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Poor Mountain Hawk Watchers Enjoy View – Gather Valuable Data

Ed Kinser scouts for hawks on a September afternoon.

by Ed Kinser

The Poor Mountain birders stand elbow to elbow, binoculars pressed against their eyes and faces aimed toward the sky.  “Bird up!  Just below the turkey vulture.  There’s more!  There are five … No, seven!  Looks like a kettle.  Wow!  There have to be at least 75!”

Every fall, birders and nature lovers flock to special points on Appalachian ridges to catch glimpses of migrating raptors.  These birds of prey—hawks, falcons, and eagles—use ridge-top routes as they move south for the winter.  The raptors follow the long northeast to southwest Appalachian ridges to save energy.  After cold fronts move through, west or northwest winds often follow and strike the mountains at an angle.  Air currents are deflected up and over the ridge tops, creating aerial interstates along which the raptors may glide for miles without so much as a wing beat. The raptors also find thermals that carry them farther aloft, especially when needing lift to get them out of valleys where they have spent the night, or to get them across valleys that cut swaths across their mountain top passageways.

Without a doubt, the best known raptor viewing site in the U.S. is Pennsylvania’s Hawk Mountain.  With hawks being considered vermin before the 1930’s this ridge had been a favorite spot for hunters who practiced their shooting skills and also collected bounties.  As conservationists became aware of the massacre, the property was purchased and turned into a sanctuary, with today’s visitors numbering in the thousands.

The best known hotspot for Virginia hawk watchers is Harvey’s Knob Overlook at Milepost 95.5 on the Blue Ridge Parkway.  Birders began gathering data at this site in 1975.  Now the site is manned from August 15th through the end of November.  Last year, the tally of raptors grew to 15,398.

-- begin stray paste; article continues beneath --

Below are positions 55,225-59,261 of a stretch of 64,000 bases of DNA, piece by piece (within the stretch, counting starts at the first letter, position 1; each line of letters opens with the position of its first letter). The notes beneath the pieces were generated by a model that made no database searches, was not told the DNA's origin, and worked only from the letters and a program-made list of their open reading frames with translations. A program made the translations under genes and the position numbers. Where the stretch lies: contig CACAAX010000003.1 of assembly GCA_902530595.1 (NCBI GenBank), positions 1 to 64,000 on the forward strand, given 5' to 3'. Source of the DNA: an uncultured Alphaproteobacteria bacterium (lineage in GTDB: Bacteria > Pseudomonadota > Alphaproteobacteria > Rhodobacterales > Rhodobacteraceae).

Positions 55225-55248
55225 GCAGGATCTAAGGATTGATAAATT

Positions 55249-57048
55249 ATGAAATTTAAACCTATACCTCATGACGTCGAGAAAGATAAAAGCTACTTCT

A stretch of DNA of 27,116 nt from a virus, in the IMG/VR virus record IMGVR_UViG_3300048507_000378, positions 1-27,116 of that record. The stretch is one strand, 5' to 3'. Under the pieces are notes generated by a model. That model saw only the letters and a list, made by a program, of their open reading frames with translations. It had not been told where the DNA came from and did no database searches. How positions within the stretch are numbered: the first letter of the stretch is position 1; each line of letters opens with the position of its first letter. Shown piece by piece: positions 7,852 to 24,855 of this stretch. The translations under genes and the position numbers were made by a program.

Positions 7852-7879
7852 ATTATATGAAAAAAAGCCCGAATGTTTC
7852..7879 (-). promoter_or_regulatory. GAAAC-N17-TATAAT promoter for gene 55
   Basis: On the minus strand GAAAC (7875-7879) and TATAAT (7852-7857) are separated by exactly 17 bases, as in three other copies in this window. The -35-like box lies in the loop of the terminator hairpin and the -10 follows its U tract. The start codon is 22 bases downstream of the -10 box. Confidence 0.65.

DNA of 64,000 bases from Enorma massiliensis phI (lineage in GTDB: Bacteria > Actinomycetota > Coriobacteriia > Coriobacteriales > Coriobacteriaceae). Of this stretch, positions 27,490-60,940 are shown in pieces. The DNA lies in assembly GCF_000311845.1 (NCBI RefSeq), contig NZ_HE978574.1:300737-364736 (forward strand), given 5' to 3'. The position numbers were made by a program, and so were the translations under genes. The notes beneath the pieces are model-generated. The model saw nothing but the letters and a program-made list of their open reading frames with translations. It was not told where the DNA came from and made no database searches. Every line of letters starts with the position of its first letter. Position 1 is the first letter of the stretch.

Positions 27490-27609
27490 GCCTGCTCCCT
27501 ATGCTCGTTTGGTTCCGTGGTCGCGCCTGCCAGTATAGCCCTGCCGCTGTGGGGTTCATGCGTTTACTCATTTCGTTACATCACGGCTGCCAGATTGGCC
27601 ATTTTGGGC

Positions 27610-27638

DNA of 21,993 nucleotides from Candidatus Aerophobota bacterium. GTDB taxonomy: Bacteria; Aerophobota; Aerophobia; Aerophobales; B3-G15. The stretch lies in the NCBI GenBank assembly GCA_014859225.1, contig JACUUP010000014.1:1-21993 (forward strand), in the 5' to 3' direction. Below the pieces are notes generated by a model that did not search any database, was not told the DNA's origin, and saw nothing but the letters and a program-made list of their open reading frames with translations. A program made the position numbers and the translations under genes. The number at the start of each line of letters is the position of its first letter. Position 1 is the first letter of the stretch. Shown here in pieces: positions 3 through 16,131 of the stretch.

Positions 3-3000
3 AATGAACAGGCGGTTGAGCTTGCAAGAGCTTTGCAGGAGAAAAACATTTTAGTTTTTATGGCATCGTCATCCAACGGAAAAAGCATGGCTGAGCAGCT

In the fall of 2009 some Bent Mountain birders, who had seen small groups of hawks moving over their plateau community, decided to watch Roanoke County’s Poor Mountain ridge more carefully.  This unique ridge is the highest in the county and one of the highest in the area, offering scenic views to birders and good updrafts for raptors.  The birders were rewarded by hitting two great days of peak migration of broad-winged hawks, and in those two days alone, were able to count 2976 raptors.  As a result of this significant total, the crest of Poor Mountain has been added to hawk migration sites listed by the Hawk Migration Association of North America (  In addition, the 3.2 miles of mountain top gravel road have been added to Virginia’s Birding and Wildlife Trail System as the Poor Mountain Ridgeline Drive, which on “poor” hawk days, gives birders a chance to look for rare, high elevation species.

Though migration may start in late August, it is usually the last half of September that finds groups of birders out on ridges with a view.  This is when the broad-winged hawks from the forested regions of Eastern Canada and the U.S. form flocks called kettles and start their southward migration, heading for South America.  For most nature-lovers, seeing a hand full of hawks in a day is a notable event.  But when the broad-wings come through, it is possible to see kettles of 50, 75, 100, or even several hundred.  Interspersed between the broad-wing kettles are other species of raptors.  The common bird hawks are sharp-shinned hawks and Cooper’s hawks from a group of raptors called accipiters.  Three species of falcons commonly migrate through Southwest Virginia—kestrels, merlins, and peregrine falcons.  There are also ospreys and northern harriers, as well as red-tailed and red-shouldered hawks – and the largest raptors of all, bald eagles and the rare golden eagle.

As of September 29th, the raptors counted just this fall passing along Poor Mountain include:  7 ospreys, 9 bald eagles, 5 northern harriers, 12 sharp-shinned hawks, 5 Cooper’s hawks, 5 red-shouldered hawks, 2937 broad-winged hawks, 19 red-tailed hawks, 12 kestrels, 2 merlins, and 6 peregrine falcons, for a total of 3019 raptors.  Though this total may not grow appreciably, the Poor Mountain hawk watchers are still counting, hoping to add to their total and perhaps to even catch a glimpse of a rough-legged hawk or even a golden eagle.  Some days the counting is slow, and the winds can cut to the bone, but the sight of each soaring raptor makes the discomfort more tolerable when the bird’s passage is duly recorded in the growing list.

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